The Validity Exploration of General Procrastination Scale (Lay, 1986)

Anela Hasanagic


Procrastination is defined as the act of “putting off or delaying an action to a later time.” (Bachrach, 2012).
Measuring procrastination is important for better understanding of this so common habit, but also, for diagnosing and therapy of it.
Lay (1986) matched procrastination with traits, big 5 theory, perfectionism, anxiety, agitation, dejection, and self-discrepancy etc. His scale General Procrastination Scale (GPS) consists of 20 items. Responses across items are summed to obtain a single score, and according to the instructions of GPS, the scale is one-factor only scale, with Cronbach alpha of 0,82 (Lay, 1986) and a retest reliability of 0,80 (Ferrari, 1989).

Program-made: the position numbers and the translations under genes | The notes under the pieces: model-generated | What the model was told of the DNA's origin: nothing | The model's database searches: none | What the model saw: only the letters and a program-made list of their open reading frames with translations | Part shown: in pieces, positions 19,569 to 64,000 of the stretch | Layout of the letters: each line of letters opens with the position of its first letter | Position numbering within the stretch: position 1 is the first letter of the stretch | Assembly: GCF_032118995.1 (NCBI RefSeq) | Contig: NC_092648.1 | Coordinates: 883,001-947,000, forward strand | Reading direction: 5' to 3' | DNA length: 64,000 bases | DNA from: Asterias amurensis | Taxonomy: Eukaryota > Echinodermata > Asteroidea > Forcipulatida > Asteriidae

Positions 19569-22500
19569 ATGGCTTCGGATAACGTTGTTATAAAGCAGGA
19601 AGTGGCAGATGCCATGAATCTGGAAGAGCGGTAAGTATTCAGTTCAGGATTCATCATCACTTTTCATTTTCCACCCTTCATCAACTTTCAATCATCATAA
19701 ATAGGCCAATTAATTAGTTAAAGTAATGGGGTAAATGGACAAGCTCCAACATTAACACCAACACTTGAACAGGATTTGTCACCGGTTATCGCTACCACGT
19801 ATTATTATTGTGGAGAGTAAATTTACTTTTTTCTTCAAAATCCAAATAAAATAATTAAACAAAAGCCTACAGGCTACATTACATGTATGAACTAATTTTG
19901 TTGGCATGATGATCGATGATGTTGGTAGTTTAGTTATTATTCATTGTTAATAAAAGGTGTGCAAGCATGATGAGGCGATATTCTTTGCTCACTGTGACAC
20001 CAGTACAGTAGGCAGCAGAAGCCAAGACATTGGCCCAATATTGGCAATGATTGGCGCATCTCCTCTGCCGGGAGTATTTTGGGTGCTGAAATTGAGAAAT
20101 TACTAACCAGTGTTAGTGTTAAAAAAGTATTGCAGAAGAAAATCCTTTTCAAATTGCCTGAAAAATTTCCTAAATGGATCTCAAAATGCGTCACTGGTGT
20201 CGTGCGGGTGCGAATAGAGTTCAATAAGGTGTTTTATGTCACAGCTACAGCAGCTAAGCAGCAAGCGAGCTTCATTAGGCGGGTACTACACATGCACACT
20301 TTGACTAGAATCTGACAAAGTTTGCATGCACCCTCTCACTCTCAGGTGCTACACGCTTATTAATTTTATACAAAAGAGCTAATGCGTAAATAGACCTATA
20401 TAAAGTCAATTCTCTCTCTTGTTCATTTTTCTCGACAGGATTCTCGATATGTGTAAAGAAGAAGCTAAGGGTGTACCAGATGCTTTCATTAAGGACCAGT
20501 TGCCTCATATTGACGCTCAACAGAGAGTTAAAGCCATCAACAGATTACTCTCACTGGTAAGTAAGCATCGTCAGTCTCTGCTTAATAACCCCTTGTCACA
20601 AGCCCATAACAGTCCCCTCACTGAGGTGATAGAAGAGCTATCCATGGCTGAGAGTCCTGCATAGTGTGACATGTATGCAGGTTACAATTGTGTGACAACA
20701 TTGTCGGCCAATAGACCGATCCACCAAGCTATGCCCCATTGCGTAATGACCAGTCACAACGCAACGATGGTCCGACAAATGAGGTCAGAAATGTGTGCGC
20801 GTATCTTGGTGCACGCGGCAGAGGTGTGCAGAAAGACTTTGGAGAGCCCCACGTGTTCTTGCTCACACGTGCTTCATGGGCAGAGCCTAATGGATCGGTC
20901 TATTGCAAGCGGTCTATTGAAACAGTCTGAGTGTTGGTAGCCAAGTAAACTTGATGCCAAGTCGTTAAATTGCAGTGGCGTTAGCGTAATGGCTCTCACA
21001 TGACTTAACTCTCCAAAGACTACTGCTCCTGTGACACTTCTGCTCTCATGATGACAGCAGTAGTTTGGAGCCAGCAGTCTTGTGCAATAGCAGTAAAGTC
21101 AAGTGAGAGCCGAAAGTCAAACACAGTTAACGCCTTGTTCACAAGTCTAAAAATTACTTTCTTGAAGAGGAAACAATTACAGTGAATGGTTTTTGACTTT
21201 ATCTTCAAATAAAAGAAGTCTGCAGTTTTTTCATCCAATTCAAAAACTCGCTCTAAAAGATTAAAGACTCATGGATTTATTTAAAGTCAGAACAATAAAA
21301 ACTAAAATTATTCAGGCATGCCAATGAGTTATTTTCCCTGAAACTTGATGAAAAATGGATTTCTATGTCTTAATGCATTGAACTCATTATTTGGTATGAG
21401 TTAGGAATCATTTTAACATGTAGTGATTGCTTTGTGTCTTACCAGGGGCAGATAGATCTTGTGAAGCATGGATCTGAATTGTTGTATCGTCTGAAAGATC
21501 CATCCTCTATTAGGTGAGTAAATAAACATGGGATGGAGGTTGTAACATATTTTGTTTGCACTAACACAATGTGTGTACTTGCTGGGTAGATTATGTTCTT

The purpose of this research is to explore psychometric characteristics of procrastination scale by Lay (1986). For this purpose, scale was applied to 480 undergraduate students. Results of this study conformed the evidence of high reliability of scale (α= 0.876). Factorial analysis at first showed five factors that were not interpretable, but rotated factorial analysis by employing Equamax rotation with Kaiser’s Normalization, showed clearer structure. According to this, there are 5 components of this scale:
Factor 1. Good planning: items 8, 14, 15, 18, and 20.
Factor 2. Delaying: items 5,9,11,12 and 19.
Factor 3. Doing things in last minute: items 16 and 17.
Factor 4. Good time management: items 3,4,6 and 13.
Factor 5: Poor time management: items 1,2,7 and 10.


Procrastination, validity, reliability, factorial analysis

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